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-   -   Windows Only WiFi spot? (http://www.linuxquestions.org/questions/linux-networking-3/windows-only-wifi-spot-694783/)

borgward 01-03-2009 07:40 PM

Windows Only WiFi spot?
 
I was at a coffee shop. Connected w/Window laptop, but not W/Linux laptop.

Kwlan reported :

eth0 is disconnected
The radio is off

The scan results window comes up empty.

On the windows machine, I clicked on the wireless icon and then clicked on "View wireless conections" then clicked on "The Coffee House" and then entered the access code they gave me.

I am running an old PII Latitude CPi w/Netgear MA401 PCMCIA card. This laptop is so old that it does not have wireless, MODEM, and no Ethernet port. The Windows XP laptop is identical to the Linux one.

The Windows laptop is running XP and is using a Netgear MA521 802.11b PCMCIA card
The Linux one runs Knoppix 5.1.1 installed on the HDD and is using a Netgear MA401 card. It does not have an Ethernet card or adapter attached.

I just booted it up at home, brought up Firefox, and automatically got a connection. I have not changed any settings between the coffee house and home.

At the coffee house the card was blinking, indicating that it is on, but not connected. I am not running any encryption on it either.

The KWLAN icons at the bottom right of the screen were: The Green one With K under 3 green curved line was lit up. The one to the right of it, 2 blue dots w/3 blue curves over it were darkened out.

Remember, the other identical laptop saw their signal, and let me connect after entering their ID number. Again, it had a Netgear PCMCIA wireless card 802.11b

I am wondering why the Linux laptop did not see their signal, why Kwlan reported that the WiFi card was disconnected, when the cards blinking light indicated that it was turned on, and why this behavior at this and some other spots, but it works at most places.

I have heard of some free WiFi places denying access to anything but Windows. Has anybody heard of this?

everest40 01-04-2009 01:32 AM

Quote:

I have heard of some free WiFi places denying access to anything but Windows. Has anybody heard of this?
I've never heard of it, but I wouldn't be surprised. Did you get a good signal strength at the coffee house on the Windows laptop?

MS3FGX 01-04-2009 02:13 AM

I have never heard of anyone denying wireless access to non-Windows platforms, and I am almost positive it isn't even technically possible. You could block a system from accessing various network services through a captive portal (or even just using proprietary software), but you couldn't stop a particular OS from authenticating against your AP, that is layer 2 connectivity, below the operating system itself.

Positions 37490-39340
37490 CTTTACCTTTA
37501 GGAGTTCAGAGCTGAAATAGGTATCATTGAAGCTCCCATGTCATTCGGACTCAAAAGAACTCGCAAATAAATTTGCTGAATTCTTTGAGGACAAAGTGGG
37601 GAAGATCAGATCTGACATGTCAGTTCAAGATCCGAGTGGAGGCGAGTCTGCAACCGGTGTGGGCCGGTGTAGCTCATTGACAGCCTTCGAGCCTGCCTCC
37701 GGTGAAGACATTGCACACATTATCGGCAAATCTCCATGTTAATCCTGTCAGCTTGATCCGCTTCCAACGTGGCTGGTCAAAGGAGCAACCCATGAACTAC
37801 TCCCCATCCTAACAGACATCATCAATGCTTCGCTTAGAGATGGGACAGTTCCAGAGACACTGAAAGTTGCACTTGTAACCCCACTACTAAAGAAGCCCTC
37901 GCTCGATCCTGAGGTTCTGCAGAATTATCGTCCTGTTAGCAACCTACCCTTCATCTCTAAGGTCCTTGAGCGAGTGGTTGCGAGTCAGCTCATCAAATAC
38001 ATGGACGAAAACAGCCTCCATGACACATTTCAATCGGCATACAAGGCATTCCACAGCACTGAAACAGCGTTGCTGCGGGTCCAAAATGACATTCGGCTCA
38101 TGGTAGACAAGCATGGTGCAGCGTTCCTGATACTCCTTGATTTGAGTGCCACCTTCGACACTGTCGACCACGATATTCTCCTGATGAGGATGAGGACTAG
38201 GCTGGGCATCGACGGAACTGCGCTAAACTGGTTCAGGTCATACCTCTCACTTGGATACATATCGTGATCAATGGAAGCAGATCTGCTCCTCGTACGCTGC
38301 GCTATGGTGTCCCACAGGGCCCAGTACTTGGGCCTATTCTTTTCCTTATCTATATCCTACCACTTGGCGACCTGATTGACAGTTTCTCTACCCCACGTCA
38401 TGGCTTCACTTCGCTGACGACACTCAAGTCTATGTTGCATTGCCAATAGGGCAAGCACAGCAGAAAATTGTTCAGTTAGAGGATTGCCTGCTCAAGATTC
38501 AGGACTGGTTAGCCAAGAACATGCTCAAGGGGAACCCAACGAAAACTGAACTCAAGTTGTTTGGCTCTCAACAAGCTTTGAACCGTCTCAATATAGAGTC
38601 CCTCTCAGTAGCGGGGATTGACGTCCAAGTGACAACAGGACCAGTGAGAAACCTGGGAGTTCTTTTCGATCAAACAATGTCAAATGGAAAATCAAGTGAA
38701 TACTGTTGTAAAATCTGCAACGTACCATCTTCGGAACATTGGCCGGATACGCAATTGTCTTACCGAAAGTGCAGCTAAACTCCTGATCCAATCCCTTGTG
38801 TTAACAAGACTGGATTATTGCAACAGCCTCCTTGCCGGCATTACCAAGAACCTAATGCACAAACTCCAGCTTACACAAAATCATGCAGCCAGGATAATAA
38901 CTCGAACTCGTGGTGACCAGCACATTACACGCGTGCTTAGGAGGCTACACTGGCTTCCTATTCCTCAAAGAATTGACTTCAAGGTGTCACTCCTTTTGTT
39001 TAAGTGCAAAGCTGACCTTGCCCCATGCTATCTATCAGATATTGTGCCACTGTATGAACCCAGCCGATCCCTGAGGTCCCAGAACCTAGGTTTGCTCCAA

Unless I am misunderstanding the situation, it sounds like you just need to properly setup encryption to connect to the network. The "access code" they gave you is the WEP or WPA key, which you need to configure under Linux before the card can authenticate with the network. Without the key, the machine will simply fail to connect to the network after a few seconds.

borgward 01-04-2009 11:17 AM

Quote:

Originally Posted by everest40 (Post 3396443)
I've never heard of it, but I wouldn't be surprised. Did you get a good signal strength at the coffee house on the Windows laptop?

I just got a reply from the Netgear moderator who indicated that a WiFi spot can deny access to b. I am waitng for more details about how. However in this case the spot saw b from the windows laptop.

Very good strength

borgward 01-04-2009 11:29 AM

Quote:

Originally Posted by MS3FGX (Post 3396472)
I have never heard of anyone denying wireless access to non-Windows platforms, and I am almost positive it isn't even technically possible. You could block a system from accessing various network services through a captive portal (or even just using proprietary software), but you couldn't stop a particular OS from authenticating against your AP, that is layer 2 connectivity, below the operating system itself.

Unless I am misunderstanding the situation, it sounds like you just need to properly setup encryption to connect to the network. The "access code" they gave you is the WEP or WPA key, which you need to configure under Linux before the card can authenticate with the network. Without the key, the machine will simply fail to connect to the network after a few seconds.

The situation is that the MA401 is not even seeing their signal. I do not even have the opportunity to input the access code.

At coffee house KWLAN reports:

eth0 is disconnected
The radio is off

The cards indicator light is flashing which indicates to me that the card is turned on.

What does "The radio is off" mean. I take it that the card does not see their WiFi signal.

I am running Knoppix 5.1.1 on the laptop HDD. KWLAN 0.5.8 (Using KDE 3.5.5)

Shouldn't the card see their signal regardless of encryption being on or off?

MS3FGX 01-04-2009 08:32 PM

Quote:

What does "The radio is off" mean. I take it that the card does not see their WiFi signal.
"The radio is off" would mean that, literally, the card's transceiver is off (presumably in a power saving mode). Obviously the computer is not going to see any networks if the radio itself is not powered on. The light on the card does not necessarily indicate that the radio is active, more that the card itself is initialized and the driver's are loaded properly.

Have you tried scanning from the command line to see the exact output? Something like:

Code:

iwlist device scan
Where device is the name of your WLAN card (which seems to be eth0 from your posts).


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